December 15, 2017

Caps Quick Take: Game 8 vs. Blue Jackets

The Washington Capitals entered Saturday night’s matchup with Columbus with a chance to close out a five-game homestand — one that was disappointing on many levels — on a positive note and head out on a swing of Western Canada (followed by the armpit of America) with an upbeat attitude. The Blue Jackets served the perfect foil in order to for the Caps to regain confidence, as the home team shook up some lines and pairing and came away with a convincing 4-1 win.

1) Martin Erat: 3 assists, +2 in 17:49 on 22 shifts. Enough said.

2) Wait, not enough said. Troy Brouwer and Brooks Laich, playing aside the aforementioned Erat, both had goals as well.

3) Marcus Johansson, who has taken a lot of grief in this space, probably played his best game of the season, recording four shots on goal and generally looking involved whenever he was on the ice, and he assisted on Joel Ward’s power play goal in the spot normally occupied by Mikhail Grabovski (and Mike Ribeiro before him).

4) Braden Holtby continues to work in a groove, knocking away 37 or the 38 shots he faced from Columbus. He had a tough time of it in his first few games, but Holtby’s starting to show the form that could very well earn him a spot on Team Canada come February.

5) Washington has scored a power-play goal in five of their eight games this season and scored multiple power-play goals in four of its eight games this season. Alex Ovechkin has scored a power-play goal in four of Washington’s eight games this season. Seven of Ovechkin’s 10 points this season have been earned on the power-play. Both of Joel Ward’s goals this season have come on the power play. Each of Mike Green’s five points this season have come on the power play. Six of Nick Backstrom’s nine point and three of Marcus Johansson’s six point have come on the power play. All of these stat nuggets came directly from the Caps “Player Notes” bullet points from their post-game Notes and Quotes sheet, but that makes them no less poignant.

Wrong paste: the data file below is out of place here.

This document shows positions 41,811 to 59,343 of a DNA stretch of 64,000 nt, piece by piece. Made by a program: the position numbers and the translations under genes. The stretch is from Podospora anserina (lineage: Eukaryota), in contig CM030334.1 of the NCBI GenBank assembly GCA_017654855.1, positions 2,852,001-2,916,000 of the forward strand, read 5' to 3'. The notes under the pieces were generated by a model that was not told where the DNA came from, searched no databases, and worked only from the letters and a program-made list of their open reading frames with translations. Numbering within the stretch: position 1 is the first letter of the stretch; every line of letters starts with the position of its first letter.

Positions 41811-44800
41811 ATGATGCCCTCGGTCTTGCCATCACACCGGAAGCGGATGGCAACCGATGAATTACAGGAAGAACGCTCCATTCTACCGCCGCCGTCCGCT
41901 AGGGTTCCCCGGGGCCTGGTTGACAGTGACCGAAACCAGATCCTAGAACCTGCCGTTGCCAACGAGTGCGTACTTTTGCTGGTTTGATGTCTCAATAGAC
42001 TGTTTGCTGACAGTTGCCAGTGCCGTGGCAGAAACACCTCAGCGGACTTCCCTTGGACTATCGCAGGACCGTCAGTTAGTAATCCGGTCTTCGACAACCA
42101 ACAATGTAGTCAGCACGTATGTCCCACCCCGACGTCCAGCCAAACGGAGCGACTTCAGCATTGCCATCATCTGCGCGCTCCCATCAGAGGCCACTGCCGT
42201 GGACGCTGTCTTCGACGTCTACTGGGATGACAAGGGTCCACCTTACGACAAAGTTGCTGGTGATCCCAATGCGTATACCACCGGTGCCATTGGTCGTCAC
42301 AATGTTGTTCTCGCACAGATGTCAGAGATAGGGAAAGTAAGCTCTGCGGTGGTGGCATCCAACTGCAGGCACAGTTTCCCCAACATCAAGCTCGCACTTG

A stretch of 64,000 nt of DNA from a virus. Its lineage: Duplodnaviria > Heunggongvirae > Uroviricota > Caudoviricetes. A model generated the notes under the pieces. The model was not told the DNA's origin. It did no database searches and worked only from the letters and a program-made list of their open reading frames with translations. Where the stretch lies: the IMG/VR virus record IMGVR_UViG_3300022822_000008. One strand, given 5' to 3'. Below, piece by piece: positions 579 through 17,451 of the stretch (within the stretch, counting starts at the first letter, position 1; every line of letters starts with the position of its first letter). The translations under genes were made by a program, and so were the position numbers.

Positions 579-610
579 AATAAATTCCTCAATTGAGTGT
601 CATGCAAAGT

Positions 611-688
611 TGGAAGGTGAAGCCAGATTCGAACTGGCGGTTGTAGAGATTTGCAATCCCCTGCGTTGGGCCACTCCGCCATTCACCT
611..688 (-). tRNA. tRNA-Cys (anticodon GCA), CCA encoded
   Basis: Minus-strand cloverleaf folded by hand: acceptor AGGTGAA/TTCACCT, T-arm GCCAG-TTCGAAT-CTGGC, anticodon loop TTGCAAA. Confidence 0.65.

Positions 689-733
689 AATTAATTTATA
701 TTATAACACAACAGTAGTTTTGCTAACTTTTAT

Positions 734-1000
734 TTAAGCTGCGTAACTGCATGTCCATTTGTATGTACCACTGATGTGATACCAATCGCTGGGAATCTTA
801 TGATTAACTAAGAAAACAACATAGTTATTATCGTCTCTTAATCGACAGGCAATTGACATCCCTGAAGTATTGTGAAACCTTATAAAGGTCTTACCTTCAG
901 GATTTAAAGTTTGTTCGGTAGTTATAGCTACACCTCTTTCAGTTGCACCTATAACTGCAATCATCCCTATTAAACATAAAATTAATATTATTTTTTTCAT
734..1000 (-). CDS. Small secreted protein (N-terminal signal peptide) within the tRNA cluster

3-5-0 isn’t the greatest start to the season, but it sure beats 2-6-0, which would have been fairly miserable considering the Caps now head out for their geographically longest roadie of the season: Winnipeg, Edmonton, Calgary, Vancouver and Philadelphia. On these types of trips, usually you hope to break even and make hay once you get back home. Washington doesn’t really have that luxury anymore and they really need to come out of this trip with at least six points against some of the softer teams in the Western Conference and the woeful Flyers, who with two measly points are currently looking up at the entire league.

Washington Capitals Game 38 Recap: Ovechkin Nets Hat Trick, Caps Hold Off Late Panthers Push in 4-3 Victory

In a crucial game against a non-playoff team, the Washington Capitals staved off a late push from the Florida Panthers on Saturday night to escape Sunrise, FL with a 4-3 victory. Alexander Ovechkin recorded his second hat trick of the season as the Caps took a 4-0 lead inside the first two periods, only to allow three goals inside the final 14 minutes of regulation to the struggling Panthers.

Despite a shaky third frame, Braden Holtby earned his 17th win of the season in a 23-save effort. Mike Ribeiro also scored and Nicklas Backstrom earned three assists, while Marcus Johansson added two assists and Ribeiro and Mike Green also recorded helpers.

Capitals captain Ovechkin is peaking at perhaps the best possible time for his franchise as it attempts to slip into a playoff berth. His trio of goals has vaulted him into third in the NHL in goals, with 23, and more importantly has powered Washington’s offense over its past 13 games, with 14 goals in that span. [Read more…]

What makes the Capitals a different team on the road?

The Washington Capitals are 11-5-1 (23 out of a possible 34 points) at home this season in the comfy confines of Verizon Center.  Extrapolated over an 82-game schedule, that translates into an 111-point pace.  Only three teams in the Eastern Conference have fewer home losses than the Capitals.  They score 3.23 goals per game at home, good enough to be in the top half-dozen in the league, and  hit on the power play at a 22.6 percent clip (14-for-62), good for third overall in the NHL. 

At home, they are — for the most part — the same old Caps we’ve come to know and love during the Ovechkin era.